Leonardo painted the Lady for his patron, Ludovico Sforza, the murderous regent of Milan who had assumed ducal powers on behalf of his nephew and was about to become Duke outright. It is painted on walnut and depicts the Duke's young mistress with her hair plaited long in a Spanish style and wearing a fashionable one-sleeved blue cloak over a red dress, the rich colours perfectly setting off her pale skin and the white fur of the animal in her arms. The author Philip Pullman has said that the painting helped to inspire the daemons in his Dark Materials trilogy.
As well as echoing the shape of Cecilia's face, the ermine has additional significance because it was a symbol of purity, the emblem of the Duke, and a play on words: the Greek for members of the weasel family is very similar to the name Gallerani. The Duke appears to have given up the painting soon after he married his wife (Syson imagines the new Duchess of Milan "stomping around the palace saying 'I don't want her and I don't want it'"). By the end of the century Cecilia owned it herself, whereupon the work disappeared into obscurity for 300 years.
In a wood-panelled room in the National Gallery, Zamoyski grins and embarks on the Lady's extraordinary story. "Between 1500 and 1800 we know nothing about where it was and who it belonged to. It was bought in about 1800, probably in Venice, by somebody called Prince Adam Czartoryski [Zamoyski's ancestor]."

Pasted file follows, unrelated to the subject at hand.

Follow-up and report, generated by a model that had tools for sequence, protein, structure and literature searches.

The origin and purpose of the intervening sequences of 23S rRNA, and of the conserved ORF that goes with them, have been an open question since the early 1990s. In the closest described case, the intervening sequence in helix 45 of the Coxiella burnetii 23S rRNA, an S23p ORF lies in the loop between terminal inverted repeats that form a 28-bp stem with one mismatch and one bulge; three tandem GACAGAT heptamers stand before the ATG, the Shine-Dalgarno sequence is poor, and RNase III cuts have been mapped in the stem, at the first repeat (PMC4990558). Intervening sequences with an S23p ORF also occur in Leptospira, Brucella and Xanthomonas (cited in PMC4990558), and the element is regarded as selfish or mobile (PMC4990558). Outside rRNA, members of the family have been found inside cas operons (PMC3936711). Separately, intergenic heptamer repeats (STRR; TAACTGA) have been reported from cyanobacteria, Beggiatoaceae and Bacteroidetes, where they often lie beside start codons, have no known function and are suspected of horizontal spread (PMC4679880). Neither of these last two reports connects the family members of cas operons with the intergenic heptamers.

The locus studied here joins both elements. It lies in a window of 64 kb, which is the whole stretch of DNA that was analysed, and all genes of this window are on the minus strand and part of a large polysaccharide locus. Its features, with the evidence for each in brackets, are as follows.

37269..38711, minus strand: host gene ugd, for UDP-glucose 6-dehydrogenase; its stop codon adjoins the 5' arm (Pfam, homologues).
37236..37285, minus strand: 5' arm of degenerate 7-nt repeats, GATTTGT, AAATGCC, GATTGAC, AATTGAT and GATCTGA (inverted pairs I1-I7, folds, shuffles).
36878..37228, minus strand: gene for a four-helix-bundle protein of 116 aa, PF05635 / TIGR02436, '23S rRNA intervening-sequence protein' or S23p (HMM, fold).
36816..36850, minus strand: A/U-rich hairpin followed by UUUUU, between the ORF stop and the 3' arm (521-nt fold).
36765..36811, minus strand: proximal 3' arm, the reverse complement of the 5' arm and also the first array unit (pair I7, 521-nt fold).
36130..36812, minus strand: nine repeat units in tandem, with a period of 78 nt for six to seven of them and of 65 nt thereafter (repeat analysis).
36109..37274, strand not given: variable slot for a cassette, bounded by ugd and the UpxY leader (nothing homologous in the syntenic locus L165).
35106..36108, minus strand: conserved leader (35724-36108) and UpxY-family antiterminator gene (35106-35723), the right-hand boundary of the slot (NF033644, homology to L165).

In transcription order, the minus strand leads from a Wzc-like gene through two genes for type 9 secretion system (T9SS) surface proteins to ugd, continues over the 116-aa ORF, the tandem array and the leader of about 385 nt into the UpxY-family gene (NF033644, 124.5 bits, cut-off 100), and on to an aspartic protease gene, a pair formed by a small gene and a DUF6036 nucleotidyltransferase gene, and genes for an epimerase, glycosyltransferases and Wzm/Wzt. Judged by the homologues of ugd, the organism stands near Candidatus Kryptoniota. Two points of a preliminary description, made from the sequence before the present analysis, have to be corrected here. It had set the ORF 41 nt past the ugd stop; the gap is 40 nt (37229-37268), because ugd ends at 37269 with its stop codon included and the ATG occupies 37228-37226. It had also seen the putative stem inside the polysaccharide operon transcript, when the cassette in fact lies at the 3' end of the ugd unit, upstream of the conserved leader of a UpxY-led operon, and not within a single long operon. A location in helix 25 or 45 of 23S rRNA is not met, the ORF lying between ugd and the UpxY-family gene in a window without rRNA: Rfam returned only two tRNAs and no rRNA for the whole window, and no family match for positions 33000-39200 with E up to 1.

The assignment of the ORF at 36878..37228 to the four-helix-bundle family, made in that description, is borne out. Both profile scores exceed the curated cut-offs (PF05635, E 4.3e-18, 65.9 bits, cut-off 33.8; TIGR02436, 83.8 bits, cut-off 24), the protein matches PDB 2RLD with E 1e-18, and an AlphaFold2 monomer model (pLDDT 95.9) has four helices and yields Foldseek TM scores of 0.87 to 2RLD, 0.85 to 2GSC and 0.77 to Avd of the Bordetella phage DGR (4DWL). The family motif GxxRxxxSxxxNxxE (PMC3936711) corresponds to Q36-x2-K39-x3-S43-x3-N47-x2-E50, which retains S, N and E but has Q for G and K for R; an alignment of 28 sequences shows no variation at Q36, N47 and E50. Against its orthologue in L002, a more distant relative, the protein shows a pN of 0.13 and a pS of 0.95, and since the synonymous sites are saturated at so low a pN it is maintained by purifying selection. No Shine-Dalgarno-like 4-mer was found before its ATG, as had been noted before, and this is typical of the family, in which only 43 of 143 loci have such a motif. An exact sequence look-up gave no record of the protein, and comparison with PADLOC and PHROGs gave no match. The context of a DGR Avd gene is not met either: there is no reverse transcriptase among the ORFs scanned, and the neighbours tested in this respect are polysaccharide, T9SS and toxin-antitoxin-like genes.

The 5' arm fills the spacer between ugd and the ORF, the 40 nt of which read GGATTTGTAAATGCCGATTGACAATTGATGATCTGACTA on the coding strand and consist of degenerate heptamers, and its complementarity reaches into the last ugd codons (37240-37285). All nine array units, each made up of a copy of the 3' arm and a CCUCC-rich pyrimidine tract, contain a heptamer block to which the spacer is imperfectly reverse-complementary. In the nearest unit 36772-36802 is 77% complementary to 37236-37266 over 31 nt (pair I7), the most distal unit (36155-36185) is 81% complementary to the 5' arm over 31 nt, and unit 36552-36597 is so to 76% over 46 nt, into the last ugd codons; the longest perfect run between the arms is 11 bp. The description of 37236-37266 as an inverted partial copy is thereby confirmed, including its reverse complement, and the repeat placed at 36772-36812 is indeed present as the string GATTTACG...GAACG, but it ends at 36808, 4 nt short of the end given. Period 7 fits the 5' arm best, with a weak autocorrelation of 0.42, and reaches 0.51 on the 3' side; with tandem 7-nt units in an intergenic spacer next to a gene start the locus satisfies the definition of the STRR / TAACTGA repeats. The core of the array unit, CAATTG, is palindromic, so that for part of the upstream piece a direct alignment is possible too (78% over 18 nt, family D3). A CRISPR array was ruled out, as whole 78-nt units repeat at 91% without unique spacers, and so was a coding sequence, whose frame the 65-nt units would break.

The Prince also acquired a beautiful self-portrait by Raphael and sent them both to his mother, who was putting together "a rather curious museum in the Polish countryside", Zamoyski says. "The theme of the museum was world civilisation explored through the imagination, so it was not the worth of the object as a work of art but what it represented that was important. She was interested in this picture primarily because it was painted by that very extraordinary man Leonardo da Vinci."
By this point the Mona Lisa was hanging in Napoleon's bedroom in Paris. The Lady, by contrast, was surrounded by objects "such as a goblet with the ashes of El Cid, some bones taken from the tomb of Abelard and Heloise, Voltaire's quill and some moss from Stonehenge. She also had a bit of Shakespeare's chair that she bought in Stratford-upon-Avon and Captain Cook's cutlass, bought off his widow," continues Zamoyski.
In 1831 the museum "had to be packed up in a hurry, when a Russian army led by her ex-son-in-law started bombarding the country house". The family took refuge with the picture in the Austrian part of Poland. They then moved into exile in Paris, at the Hotel Lambert, a beautiful 17th century mansion, which in 2007 was bought by a member of the Qatari royal family for an estimated €80 million ($107m). When Paris came under threat in the Franco-Prussian war, in 1870, the picture came to London with the Czartoryskis, who rented a house in Mayfair, before returning to Cracow.